Barry Dickson is a visiting professor at the Queensland Brain Institute and a group leader at the Janelia Research Campus of the Howard Hughes Medical Institute in Ashburn, VA, U.S.A. Previously, he was Scientific Director of the Institute of Molecular Pathology in Vienna, Austria. Originally from Melbourne, Barry obtained his PhD in Switzerland, performed postdoctoral research in California, and was a group leader and senior scientist during 15 years spent in Vienna before moving to the U.S.A. in 2013 and joining QBI in 2015. Barry is a member of EMBO, a Fellow of the AAAS, and a recipient of the Wittgenstein Prize from the Austrian Science Foundation and the Science Prize of the city of Vienna.
Barry's research group has pioneered the investigation of neural circuits and behaviour in Drosophila, particularly the circuits that govern mating behaviours and locomotion. In 2006, his group published two ground-breaking papers demonstrating that a single gene determined male courtship behaviour and providing the first genetic access to the specific neurons and circuits that control this behaviour. Another notable discovery was the identification, in 2014, of a descending neuron that controls backward versus forward walking in the fly. Barry's group has also been instrumental in the development of technologies and large-scale resources that empower the genetic analysis of neural circuits in Drosophila.
Coordinated walking is thought to rely on local circuits in the ventral nerve cord, called central pattern generators (CPGs), that produce the rhythmic motor patterns that move each of the 3 joints in each of the 6 legs. Proprioceptive sensory inputs from the legs are critical for timing each joint movement, while neural pathways connecting the left and right halves and each segment of the ventral nerve cord would coordinate movements of each leg. Finally, descending pathways from the brain should modulate these thoracic circuits to steer walking in a particular direction.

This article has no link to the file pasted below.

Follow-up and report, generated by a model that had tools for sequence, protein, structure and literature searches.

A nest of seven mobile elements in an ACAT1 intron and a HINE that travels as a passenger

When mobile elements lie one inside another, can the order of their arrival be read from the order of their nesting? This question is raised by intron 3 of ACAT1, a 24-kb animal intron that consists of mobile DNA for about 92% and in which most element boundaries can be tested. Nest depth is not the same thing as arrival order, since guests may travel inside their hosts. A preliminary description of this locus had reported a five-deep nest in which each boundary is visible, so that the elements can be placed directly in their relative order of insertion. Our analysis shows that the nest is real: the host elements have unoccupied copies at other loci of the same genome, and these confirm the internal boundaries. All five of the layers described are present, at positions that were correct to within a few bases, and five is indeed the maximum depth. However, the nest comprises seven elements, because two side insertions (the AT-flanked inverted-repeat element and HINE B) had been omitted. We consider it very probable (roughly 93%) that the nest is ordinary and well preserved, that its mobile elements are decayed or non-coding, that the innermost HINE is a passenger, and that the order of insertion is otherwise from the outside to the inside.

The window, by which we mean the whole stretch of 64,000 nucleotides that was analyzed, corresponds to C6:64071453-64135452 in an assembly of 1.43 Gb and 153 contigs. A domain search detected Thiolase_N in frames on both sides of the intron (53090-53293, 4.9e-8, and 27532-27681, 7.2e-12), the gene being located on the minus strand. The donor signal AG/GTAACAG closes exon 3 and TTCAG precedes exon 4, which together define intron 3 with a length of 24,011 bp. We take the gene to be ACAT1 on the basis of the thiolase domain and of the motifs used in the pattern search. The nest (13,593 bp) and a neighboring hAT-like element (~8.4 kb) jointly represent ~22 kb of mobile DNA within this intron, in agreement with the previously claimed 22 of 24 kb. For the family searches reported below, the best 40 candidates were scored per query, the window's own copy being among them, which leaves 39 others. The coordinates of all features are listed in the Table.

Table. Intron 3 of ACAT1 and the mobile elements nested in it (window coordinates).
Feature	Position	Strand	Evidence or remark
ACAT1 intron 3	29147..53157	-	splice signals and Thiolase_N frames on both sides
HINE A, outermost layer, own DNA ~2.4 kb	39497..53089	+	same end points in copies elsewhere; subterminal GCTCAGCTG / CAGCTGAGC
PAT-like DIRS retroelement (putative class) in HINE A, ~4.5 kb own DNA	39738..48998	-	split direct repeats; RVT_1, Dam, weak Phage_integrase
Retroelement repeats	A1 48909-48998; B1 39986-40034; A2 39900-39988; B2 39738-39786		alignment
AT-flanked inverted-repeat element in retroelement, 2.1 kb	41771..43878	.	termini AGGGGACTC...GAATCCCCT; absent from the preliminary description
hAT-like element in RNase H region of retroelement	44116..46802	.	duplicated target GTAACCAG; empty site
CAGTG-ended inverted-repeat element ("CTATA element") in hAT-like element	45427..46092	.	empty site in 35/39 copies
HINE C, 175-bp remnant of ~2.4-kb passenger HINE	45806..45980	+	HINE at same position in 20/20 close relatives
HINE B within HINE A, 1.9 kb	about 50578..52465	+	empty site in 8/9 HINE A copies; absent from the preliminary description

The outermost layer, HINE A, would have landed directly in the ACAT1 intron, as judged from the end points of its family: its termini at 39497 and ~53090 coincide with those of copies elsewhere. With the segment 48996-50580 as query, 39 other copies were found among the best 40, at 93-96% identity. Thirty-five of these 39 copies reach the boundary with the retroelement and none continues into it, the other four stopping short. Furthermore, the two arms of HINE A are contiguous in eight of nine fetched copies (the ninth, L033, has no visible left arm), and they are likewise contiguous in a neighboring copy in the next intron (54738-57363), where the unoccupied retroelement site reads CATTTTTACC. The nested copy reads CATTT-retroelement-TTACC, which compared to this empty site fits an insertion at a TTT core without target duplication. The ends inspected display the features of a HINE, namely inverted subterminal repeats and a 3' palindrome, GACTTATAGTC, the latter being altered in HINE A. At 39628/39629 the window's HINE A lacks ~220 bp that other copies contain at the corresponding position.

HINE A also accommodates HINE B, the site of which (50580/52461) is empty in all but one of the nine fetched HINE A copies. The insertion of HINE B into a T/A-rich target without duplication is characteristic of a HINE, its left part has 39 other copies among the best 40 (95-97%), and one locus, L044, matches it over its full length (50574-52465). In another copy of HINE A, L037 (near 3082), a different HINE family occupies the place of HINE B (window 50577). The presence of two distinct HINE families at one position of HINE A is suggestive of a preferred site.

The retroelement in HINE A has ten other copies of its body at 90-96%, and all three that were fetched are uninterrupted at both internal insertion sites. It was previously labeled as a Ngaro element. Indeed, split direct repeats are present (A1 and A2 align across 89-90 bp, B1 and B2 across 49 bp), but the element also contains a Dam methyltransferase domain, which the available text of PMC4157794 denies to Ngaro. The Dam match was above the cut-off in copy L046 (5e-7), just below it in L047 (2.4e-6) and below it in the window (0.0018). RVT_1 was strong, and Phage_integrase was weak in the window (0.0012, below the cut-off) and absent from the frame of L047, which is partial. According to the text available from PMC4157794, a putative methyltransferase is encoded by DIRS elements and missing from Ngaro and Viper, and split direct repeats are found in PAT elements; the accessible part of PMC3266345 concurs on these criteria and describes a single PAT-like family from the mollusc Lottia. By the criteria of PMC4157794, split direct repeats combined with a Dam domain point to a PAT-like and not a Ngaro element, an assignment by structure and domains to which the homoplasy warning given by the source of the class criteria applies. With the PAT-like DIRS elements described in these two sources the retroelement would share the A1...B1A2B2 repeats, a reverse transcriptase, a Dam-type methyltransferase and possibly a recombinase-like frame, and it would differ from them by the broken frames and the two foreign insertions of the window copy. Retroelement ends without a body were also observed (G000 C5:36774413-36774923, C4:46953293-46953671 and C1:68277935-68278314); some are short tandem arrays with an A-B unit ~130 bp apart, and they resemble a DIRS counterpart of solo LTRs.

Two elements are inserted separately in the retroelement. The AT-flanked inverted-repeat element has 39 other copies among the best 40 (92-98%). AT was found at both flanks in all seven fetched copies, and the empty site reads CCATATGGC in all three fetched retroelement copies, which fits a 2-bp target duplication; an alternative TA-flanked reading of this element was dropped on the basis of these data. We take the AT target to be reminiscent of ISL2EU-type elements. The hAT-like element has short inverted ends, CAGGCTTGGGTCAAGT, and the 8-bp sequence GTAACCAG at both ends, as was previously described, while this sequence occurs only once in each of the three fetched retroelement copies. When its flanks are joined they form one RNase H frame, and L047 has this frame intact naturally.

In our small laboratory at QBI, the group investigates the functional organisation of these walking circuits. The initial goal is to exploit the genetic tools available in Drosophila to define, monitor, and manipulate the specific neurons and circuits involved in directed locomotion. We then aim to understand the operational logic of these circuits. Conceptually, because each joint in each leg can move independently, the fly's posture at any given moment can be described by 18 distinct angles, or more formally as a point in an 18-dimensional space. Walking can then be viewed as a trajectory (time series) through this 18-dimensional space. Of the enormous range of possible trajectories in an 18-dimensional, the nervous system reliably produces the very small subset that constitute effective walking with a certain gait, speed and direction. Our ultimate objective is to understand how the organisational logic of the underlying neural circuits constrains the range of possible movements to these few effective configurations and trajectories, and how the descending inputs from the brain switch between them.
- Professor Ansgar Büschges, University of Cologne, Germany
- Professor Richard Mann, Columbia University, New York
- Professor Silvia Daun-Gruhn, University of Cologne, Cermany
- Dr Gwyneth Card, Janelia Research Campus, HHMI, U.S.A.
- Dr Julie Simpson, Janelia Research Campus, HHMI, U.S.A.
Bidaye, S.J., Machecek, C., Wu, Y. and Dickson, B.J. (2014). Neuronal control of Drosophila walking direction. Science 6179: 97-101.